Pro-GMO campaigners hope that bringing in pest-resistant crop varieties will help bolster the nation’s meager crop yields. Kenyan farms produce much less food than those in other countries. Per hectare, Kenya produces a third as much maize as Brazil, where GM maize is widely grown. Kenyan maize yields are also much lower than those of countries where GM maize is not grown, such as China and France. In Uganda, where politicians are considering introducing a bill prohibiting GMOs, yields are also lower than other major maize-growing countries. “We are not at our potential,” says Patricia Nanteza, Ugandan lead at RePlanet Africa.
Improving crop yields helps feed more people, but it’s also good for the environment. The more food that can be grown on each square kilometer of land, the less land that needs to be converted to agriculture. As you can see in this chart from Our World in Data, South Asia produces a lot more cereal crops today than it did in 1980—and all of this growth came from increased crop yields. It’s not using any more land to grow those crops than it was 40 years ago. In sub-Saharan Africa it’s the opposite story. The area is also producing more cereals than in 1980, but almost all of this growth has come from converting more land into farmland. Low crop yields mean that feeding more people comes at the expense of natural habitats.
GM crops might be one way to increase yields. In South Africa, GM maize fields produce 11.1 percent more per hectare on average than non-GM fields—extra maize that would have taken more than 2,000 square kilometers of extra farmland to produce using conventional seeds.
But there are other ways of raising crop yields. Farms in sub-Saharan Africa use much less irrigation, machinery, and fertilizer than those in the developed world. In Uganda, around 17 percent of the maize harvest is lost during storage due to pests and mold. All of these things make land less productive—and some come with their own downsides. Getting more food out of the land is a big problem, and there is no silver bullet.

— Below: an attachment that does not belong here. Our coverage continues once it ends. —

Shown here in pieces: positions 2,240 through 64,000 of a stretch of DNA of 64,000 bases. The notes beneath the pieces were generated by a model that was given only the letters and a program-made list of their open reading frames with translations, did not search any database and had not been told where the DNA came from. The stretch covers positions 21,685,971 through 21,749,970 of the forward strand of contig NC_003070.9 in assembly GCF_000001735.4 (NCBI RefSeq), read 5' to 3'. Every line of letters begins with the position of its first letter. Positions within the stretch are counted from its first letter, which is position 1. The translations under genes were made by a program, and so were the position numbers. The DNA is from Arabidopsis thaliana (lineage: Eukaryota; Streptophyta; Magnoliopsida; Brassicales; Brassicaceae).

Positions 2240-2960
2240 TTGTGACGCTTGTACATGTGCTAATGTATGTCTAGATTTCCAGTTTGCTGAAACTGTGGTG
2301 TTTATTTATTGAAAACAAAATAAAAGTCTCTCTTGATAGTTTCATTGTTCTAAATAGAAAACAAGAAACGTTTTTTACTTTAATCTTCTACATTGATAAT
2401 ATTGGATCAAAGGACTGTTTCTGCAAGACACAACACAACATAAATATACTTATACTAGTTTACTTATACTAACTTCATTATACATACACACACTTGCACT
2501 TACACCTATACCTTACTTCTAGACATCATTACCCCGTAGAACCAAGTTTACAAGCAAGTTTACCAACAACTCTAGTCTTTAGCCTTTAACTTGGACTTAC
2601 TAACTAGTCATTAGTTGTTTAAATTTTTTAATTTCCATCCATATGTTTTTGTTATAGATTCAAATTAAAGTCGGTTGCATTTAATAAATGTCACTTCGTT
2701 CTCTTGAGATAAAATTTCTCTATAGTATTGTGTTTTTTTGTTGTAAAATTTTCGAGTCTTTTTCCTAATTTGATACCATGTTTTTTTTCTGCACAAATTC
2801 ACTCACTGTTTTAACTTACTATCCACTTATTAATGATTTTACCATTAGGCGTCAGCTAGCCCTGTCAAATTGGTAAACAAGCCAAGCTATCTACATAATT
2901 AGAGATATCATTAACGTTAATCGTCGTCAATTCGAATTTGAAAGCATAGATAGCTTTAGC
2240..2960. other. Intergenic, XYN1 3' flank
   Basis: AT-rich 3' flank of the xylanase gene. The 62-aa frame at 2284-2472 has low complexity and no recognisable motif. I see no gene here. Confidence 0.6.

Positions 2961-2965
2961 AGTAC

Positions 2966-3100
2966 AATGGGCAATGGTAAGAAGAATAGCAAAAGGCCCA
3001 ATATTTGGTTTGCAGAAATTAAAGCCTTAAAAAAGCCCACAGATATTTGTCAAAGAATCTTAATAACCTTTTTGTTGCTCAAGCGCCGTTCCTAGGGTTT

“Why not supply water, ensure that there is good infrastructure and good storage facilities, so that whatever is produced doesn’t go to waste,” says Hellen Dena, a spokesperson at Greenpeace Africa. “It’s just a matter of the government putting measures in place to ensure that they increase agricultural productivity.” Critics of GM crops argue that reversing the ban will just increase Kenya’s reliance on other countries and large multinational companies that sell GM seeds.
But for now, anything that can increase Kenya’s output of food is a good idea. Maize yields in the country have barely increased in the past 30 years, and climate change is putting its already stretched agricultural system under increased pressure. “All the maize plantations which we planted, they’ve dried even before they’ve produced anything,” says Magondo. When the government lifted the ban on GM cotton in 2019, Magondo was one of the first farmers to plant the crop. Now he says he’s using much less pesticide and harvesting more cotton than he used to. If GM maize is eventually allowed in Kenya, Magondo says he’ll be the first in line to plant the seeds in his fields.
Nanteza is confident that the legal blocks against Kenya’s GM maize will be overturned. A date for the hearings hasn’t been set yet, but whatever the outcome, she says that the debate over GM won’t be won or lost in the courts. Ultimately, it will be the people of East Africa who decide whether they want to grow, and eat, these foods.